Qatar is wrestling with Mid­dle East travel re­stric­tions but the dis­pute is also af­fect­ing re­gional and tran­sit trav­ellers, reports Dominic El­lis

Business Traveller (Middle East) - - Front Page -

Westin Jakarta; Hy­att Re­gency Am­s­ter­dam

It seemed like a reg­u­lar Monday in Ra­madan. The roads and diary were qui­eter than your av­er­age week­day – but then the news broke. Saudi Ara­bia, the UAE, Bahrain and Egypt had cut ties with Qatar in a co-or­di­nated move, ac­cus­ing it of sup­port­ing Is­lamist mil­i­tants and caus­ing re­gional in­sta­bil­ity.

Travel al­ways has a propen­sity to sur­prise, whether it’s health warn­ings, travel alerts or air­craft main­te­nance is­sues. Air­lines are well versed in ver­sa­til­ity, ro­tat­ing air­craft and ad­just­ing ca­pac­i­ties. But in this case, airspace re­stric­tions cou­pled with the coun­try bans had a sub­stan­tial im­pact on travel.

Busi­ness and pol­i­tics tend to fly side by side yet this dis­pute re­minds us that when it comes to gov­ern­ment-to-gov­ern­ment re­la­tions, the two are firmly in­ter­linked. The four coun­tries have sent Doha a list of 13 de­mands, in­clud­ing clos­ing Al Jazeera tele­vi­sion and re­duc­ing ties to Iran, and given Qatar 10 days to com­ply. QUICK ES­CA­LA­TION A re­gion syn­ony­mous with non-stop avi­a­tion growth had to ad­just to a new re­al­ity as events quickly es­ca­lated. Mea­sures in­cluded a block­ade of land, sea, and air ac­cess and the ex­pul­sion of Qatari of­fi­cials, res­i­dents, and vis­i­tors from af­fected coun­tries. In the UAE, Qatar Air­ways’ shops closed and its web­site was blocked. Pas­sen­gers re­booked flights, planes were re­de­ployed, pi­lot and crew ros­ters had to be re­worked and airspace cor­ri­dors re­con­fig­ured, adding time and fuel costs for air­lines (see right). As the re­stric­tions swung into ef­fect on June 6, Emirates, Qatar Air­ways, Eti­had Air­ways, fly­dubai and Air Ara­bia flight were pre­vented fly­ing be­tween the UAE and Qatar. Qatar Air­ways, which flew to five UAE points – Dubai In­ter­na­tional, Dubai World Cen­tral, Abu Dhabi, Sharjah and Ras Al Khaimah – would have been im­pacted the most, although Emirates had sig­nif­i­cant ca­pac­ity com­mit­ments too, hav­ing in­tro­duced an A380 on the route last De­cem­ber. The DXB shut­tle was such a key route for QR that, on sev­eral oc­ca­sions, I made the short hop on one of its 254-seat B787 Dream­lin­ers. The UAE mar­ket has be­come vi­tal to Qatar not just for in­bound busi­ness travel but tran­sit traf­fic onto its global net­work; the air­line was on av­er­age op­er­at­ing 25 flights per day to the UAE, 20 to Saudi Ara­bia and six to

Bahrain prior to the sus­pen­sion. The im­por­tance of tran­sit traf­fic for all its routes can’t be over­stated since it ac­counts for 90 per cent of Qatar Air­ways’ traf­fic through Ha­mad In­ter­na­tional Air­port.

The dis­pute car­ries many myr­iad knock-on ef­fects; less trav­ellers through air­ports means less spends in F&B and duty free venues, while re­duced pas­sen­gers into Doha re­sults in less air­line and visa im­mi­gra­tion fees – a sig­nif­i­cant source of rev­enue when you con­sider it col­lects QR100 a head.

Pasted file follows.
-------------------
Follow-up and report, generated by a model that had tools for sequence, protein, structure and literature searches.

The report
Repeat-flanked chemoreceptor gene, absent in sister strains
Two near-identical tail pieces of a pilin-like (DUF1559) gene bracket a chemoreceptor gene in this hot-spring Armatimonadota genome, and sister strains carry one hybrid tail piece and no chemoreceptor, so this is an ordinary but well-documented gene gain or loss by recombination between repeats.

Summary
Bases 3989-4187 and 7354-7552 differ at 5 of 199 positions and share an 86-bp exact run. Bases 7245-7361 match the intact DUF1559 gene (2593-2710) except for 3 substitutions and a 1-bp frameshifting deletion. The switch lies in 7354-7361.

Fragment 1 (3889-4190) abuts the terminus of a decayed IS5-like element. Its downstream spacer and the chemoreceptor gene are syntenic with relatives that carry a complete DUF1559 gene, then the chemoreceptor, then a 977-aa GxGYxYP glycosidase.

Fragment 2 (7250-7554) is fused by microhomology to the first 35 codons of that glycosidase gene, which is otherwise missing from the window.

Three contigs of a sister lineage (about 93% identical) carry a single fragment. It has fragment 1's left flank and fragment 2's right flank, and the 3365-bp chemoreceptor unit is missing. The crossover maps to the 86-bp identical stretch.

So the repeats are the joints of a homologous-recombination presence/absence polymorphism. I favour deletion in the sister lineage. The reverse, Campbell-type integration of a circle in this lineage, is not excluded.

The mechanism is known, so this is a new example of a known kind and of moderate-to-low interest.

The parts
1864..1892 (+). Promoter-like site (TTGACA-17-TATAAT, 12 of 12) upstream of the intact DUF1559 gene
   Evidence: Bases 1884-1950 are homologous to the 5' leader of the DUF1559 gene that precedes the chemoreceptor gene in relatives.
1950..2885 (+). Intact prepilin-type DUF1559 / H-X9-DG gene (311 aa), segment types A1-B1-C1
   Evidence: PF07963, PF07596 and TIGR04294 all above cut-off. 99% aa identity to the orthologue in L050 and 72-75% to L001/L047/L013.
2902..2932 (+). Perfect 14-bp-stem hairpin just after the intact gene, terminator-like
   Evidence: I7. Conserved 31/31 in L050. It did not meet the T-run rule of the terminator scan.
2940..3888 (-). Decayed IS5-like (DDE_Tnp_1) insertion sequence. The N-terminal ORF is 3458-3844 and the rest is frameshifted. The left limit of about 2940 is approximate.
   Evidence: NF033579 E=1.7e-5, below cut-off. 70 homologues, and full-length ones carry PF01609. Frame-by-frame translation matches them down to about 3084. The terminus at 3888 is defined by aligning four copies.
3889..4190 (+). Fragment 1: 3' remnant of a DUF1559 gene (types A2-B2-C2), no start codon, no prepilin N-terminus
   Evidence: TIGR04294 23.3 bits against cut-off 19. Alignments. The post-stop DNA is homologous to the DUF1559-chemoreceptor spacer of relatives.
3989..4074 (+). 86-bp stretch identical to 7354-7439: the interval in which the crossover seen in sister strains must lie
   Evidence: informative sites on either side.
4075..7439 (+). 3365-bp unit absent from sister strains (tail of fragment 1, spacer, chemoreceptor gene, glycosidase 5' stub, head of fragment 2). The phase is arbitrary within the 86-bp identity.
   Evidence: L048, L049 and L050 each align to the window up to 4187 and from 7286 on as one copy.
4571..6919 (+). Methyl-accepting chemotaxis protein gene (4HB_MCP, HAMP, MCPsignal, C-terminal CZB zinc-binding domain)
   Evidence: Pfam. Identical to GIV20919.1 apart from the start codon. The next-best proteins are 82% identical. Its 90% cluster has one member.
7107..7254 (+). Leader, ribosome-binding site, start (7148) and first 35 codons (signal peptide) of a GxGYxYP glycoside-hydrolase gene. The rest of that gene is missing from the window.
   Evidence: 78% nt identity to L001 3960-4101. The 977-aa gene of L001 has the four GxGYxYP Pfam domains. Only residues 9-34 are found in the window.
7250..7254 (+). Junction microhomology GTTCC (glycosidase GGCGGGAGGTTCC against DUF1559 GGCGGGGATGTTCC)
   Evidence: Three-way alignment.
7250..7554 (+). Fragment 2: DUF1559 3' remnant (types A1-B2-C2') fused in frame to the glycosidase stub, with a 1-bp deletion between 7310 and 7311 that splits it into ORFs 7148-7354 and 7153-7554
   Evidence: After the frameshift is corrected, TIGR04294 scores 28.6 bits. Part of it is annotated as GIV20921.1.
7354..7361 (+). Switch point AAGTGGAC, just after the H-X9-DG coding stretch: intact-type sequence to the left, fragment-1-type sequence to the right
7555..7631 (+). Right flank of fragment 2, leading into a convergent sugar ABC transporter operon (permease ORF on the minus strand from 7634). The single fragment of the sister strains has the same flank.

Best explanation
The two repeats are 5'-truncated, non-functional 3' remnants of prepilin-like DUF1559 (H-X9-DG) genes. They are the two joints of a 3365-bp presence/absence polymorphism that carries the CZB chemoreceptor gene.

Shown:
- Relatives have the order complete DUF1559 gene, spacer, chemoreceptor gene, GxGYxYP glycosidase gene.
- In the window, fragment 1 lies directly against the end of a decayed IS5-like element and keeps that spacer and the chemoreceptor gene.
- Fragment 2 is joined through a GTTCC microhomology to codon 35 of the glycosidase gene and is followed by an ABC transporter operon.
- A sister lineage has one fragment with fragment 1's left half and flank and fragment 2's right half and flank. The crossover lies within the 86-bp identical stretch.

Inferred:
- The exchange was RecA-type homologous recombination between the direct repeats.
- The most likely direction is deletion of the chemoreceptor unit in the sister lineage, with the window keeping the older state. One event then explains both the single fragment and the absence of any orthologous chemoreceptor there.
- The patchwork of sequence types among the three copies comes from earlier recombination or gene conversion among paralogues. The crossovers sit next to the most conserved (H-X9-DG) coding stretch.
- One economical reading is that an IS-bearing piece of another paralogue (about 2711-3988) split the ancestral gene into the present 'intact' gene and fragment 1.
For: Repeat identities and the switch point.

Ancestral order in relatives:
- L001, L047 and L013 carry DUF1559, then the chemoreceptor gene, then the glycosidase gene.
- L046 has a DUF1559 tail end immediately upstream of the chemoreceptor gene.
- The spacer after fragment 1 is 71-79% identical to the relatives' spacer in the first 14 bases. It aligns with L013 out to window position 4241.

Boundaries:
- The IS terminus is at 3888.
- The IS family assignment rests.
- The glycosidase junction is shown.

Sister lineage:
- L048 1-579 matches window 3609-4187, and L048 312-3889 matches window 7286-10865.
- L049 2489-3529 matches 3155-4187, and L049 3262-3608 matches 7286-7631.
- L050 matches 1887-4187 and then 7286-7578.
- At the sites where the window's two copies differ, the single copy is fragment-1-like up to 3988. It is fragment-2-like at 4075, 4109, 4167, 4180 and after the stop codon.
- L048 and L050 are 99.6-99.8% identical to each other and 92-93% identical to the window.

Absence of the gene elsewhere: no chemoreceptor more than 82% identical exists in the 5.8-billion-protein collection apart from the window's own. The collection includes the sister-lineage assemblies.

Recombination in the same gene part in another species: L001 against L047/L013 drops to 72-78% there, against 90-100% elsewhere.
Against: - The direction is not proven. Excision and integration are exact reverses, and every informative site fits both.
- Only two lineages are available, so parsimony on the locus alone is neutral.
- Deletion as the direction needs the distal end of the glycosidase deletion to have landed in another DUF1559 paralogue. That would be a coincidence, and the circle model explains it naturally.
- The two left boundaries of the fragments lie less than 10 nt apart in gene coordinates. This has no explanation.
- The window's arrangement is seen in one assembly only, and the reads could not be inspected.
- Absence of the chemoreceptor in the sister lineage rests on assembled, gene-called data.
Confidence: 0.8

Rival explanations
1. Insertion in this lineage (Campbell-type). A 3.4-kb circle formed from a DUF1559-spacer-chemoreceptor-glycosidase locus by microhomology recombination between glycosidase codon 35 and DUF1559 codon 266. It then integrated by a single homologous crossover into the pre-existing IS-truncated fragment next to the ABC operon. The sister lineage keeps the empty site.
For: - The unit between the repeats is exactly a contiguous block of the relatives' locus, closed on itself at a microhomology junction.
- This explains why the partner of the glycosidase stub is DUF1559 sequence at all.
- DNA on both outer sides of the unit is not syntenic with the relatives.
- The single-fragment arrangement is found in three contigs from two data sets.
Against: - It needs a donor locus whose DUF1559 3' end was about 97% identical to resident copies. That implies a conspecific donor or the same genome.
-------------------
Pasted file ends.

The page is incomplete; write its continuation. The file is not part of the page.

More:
Airspace re­stric­tions have led to longer flight times for Doha pas­sen­gers, ac­cord­ing to fligh­tradar data. With UAE and Saudi airspace no go ar­eas, Qatar Air­ways air­craft now have to en­ter a nar­row cor­ri­dor through Bahrain airspace and into Ira­nian airspace be­fore fly­ing onto their des­ti­na­tions. Two ex­am­ples of routes that have been af­fected:

The dis­pute car­ries many myr­iad knockon ef­fects; less trav­ellers through air­ports means less spends in F&B and duty free venues, while re­duced pas­sen­gers into Doha re­sults in less air­line and visa im­mi­gra­tion fees. Doha-Khar­toum Pre­vi­ously 3hrs 30 min­utes, now 5 hrs 55 min­utes Doha-Sao Paulo Pre­vi­ously 14 hours 17 min­utes, now 16 hours 45 min­utes with a re­fu­elling stop in Athens


While the ma­jor­ity of fo­cus has been on Qatar, trade is a two-way street. Every plane that doesn’t fly into Doha and doesn’t fly out has busi­ness re­pur­cus­sions. Re­flect­ing the sen­si­tiv­ity of the sit­u­a­tion, few op­er­a­tors were pre­pared to com­ment. Pas­cal Gau­vin, Chief Op­er­at­ing Of­fi­cer for IMEA IHG, said it was too early to as­sess the im­pact and de­fine next steps but added IHG is a global com­pany “and we are used to work­ing with changes in our op­er­at­ing con­texts”.


S&P Global down­graded Qatar’s rat­ing on June 8 to a neg­a­tive credit watch rat­ing (AA-) and pre­sented two sce­nar­ios which will af­fect Qatar’s bank­ing sys­tem. In the first, a ‘con­ser­va­tive’ as­sump­tion is that its banks have “the ca­pac­ity to with­stand such out­flows” and no bank will re­quire ex­ter­nal sup­port. But the other is more se­vere.

“We have tested Qatari banks’ re­silience to the with­drawal of 25% of de­posits from other coun­tries in ad­di­tion to all at­trib­ut­able to the GCC… our re­sults show that banks have the ca­pac­ity to with­stand such a sce­nario, but in this case two banks may need to use their in­vest­ment se­cu­ri­ties port­fo­lio to do so.” n

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